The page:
Oscar, I think Rob nailed it. What is street photography? As I said in "On Street Photography" I don't think you can define it in words, but people like Cartier-Bresson, Winogrand and Frank defined it by example. Essentially it's photography that captures relationships between people, and between people and their artifacts. I'd also add that a majority of street photography isn't made on a street, in spite of Jackie Higgins's The World Atlas of Street Photography, which tells us a picture of a street is street photography.

I'm not sure what you mean by "spontaneity" when you apply the word to street photography. How about an example? I think the reaction of a good street photographer always is spontaneous. Even when, as Rob points out, a photographer lies in wait, the actual shot is a spontaneous reaction to something in front of him. You don't "set up" a street shot. I suspect Paulo is referring to Doisneau's Le Baiser de L'Hotel de Ville which quite obviously is posed, and once the paid poseurs discovered that the picture was making money they sued Doisneau (unsuccessfully) for an extra payment.

GrahamBy

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Re: Spontaneity in streetphotography?
« Reply #5 on: October 03, 2017, 08:39:56 AM »

...referring to Doisneau's Le Baiser de L'Hotel de Ville which quite obviously is posed, and once the paid poseurs discovered that the picture was making money they sued Doisneau (unsuccessfully) for an extra payment.

Actually the story is more amusing. A woman who claimed to have been in the photo sued for payment, supposing that the photo was unstaged. It was then that Doisneau revealed that it was staged, and revealed the identity of his friends who had posed. There was an article on the woman in the photo, who I think is still alive and has a signed original print... she's quite happy with that :)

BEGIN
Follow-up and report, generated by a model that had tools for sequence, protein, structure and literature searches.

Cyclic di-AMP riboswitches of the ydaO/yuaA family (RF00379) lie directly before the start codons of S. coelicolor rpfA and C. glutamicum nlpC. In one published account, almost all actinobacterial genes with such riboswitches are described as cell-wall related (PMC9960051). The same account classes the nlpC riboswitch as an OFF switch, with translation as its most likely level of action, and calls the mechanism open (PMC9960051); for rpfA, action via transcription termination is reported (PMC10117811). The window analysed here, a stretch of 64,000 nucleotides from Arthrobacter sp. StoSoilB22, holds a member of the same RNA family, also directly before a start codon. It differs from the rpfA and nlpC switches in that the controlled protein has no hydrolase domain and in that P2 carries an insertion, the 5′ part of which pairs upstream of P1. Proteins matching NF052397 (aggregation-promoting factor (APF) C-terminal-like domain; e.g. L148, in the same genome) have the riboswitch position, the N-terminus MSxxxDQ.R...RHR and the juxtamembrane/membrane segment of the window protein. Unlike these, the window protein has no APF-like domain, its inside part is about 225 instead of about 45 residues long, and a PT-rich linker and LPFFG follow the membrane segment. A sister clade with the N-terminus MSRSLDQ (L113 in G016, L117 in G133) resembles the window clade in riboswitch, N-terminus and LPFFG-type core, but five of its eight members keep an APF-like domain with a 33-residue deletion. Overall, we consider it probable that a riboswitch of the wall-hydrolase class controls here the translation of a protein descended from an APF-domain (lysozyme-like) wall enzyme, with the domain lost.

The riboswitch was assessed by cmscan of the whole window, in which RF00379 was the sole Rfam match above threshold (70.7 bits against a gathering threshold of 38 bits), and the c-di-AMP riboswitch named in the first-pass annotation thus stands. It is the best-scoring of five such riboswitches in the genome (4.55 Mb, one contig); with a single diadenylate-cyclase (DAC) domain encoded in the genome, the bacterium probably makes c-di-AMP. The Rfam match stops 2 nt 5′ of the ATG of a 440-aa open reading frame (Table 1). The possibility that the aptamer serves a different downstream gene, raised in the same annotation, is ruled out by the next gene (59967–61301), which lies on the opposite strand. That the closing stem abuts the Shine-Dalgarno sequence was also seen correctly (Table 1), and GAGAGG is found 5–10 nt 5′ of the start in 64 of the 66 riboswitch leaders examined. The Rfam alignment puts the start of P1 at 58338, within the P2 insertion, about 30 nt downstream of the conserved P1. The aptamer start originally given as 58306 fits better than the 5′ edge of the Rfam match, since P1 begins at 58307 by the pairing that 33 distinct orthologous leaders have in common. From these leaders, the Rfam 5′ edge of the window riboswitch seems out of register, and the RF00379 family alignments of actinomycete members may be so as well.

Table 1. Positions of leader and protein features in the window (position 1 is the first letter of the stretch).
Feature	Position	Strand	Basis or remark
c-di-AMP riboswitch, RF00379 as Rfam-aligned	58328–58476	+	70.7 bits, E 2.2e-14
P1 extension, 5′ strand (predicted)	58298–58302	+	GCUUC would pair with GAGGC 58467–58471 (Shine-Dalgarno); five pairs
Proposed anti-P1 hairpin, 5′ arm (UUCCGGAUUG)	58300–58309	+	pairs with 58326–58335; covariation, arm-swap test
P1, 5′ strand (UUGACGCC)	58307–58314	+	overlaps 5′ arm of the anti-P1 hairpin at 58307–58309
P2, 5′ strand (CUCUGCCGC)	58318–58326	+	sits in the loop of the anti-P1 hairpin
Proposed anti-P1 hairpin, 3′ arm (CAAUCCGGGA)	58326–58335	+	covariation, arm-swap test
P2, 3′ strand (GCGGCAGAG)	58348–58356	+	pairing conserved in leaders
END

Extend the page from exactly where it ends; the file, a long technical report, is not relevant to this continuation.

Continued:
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RSL

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Re: Spontaneity in streetphotography?
« Reply #6 on: October 03, 2017, 09:11:30 AM »

Yeah, I think you're right, Graham. It's been a long time since I read the story. In any case, it's a nice shot but I never could understand why it got worldwide attention.

GrahamBy

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Re: Spontaneity in streetphotography?
« Reply #7 on: October 03, 2017, 10:21:35 AM »

Right image, right time, luck... there are a lot of other "baiser" photos that are no wher near as famous.

(And be careful about whether you say that as a verb or a noun, ša change tout  ;D )
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RSL

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Re: Spontaneity in streetphotography?
« Reply #8 on: October 03, 2017, 10:32:14 AM »

Right image, right time, luck... there are a lot of other "baiser" photos that are no wher near as famous.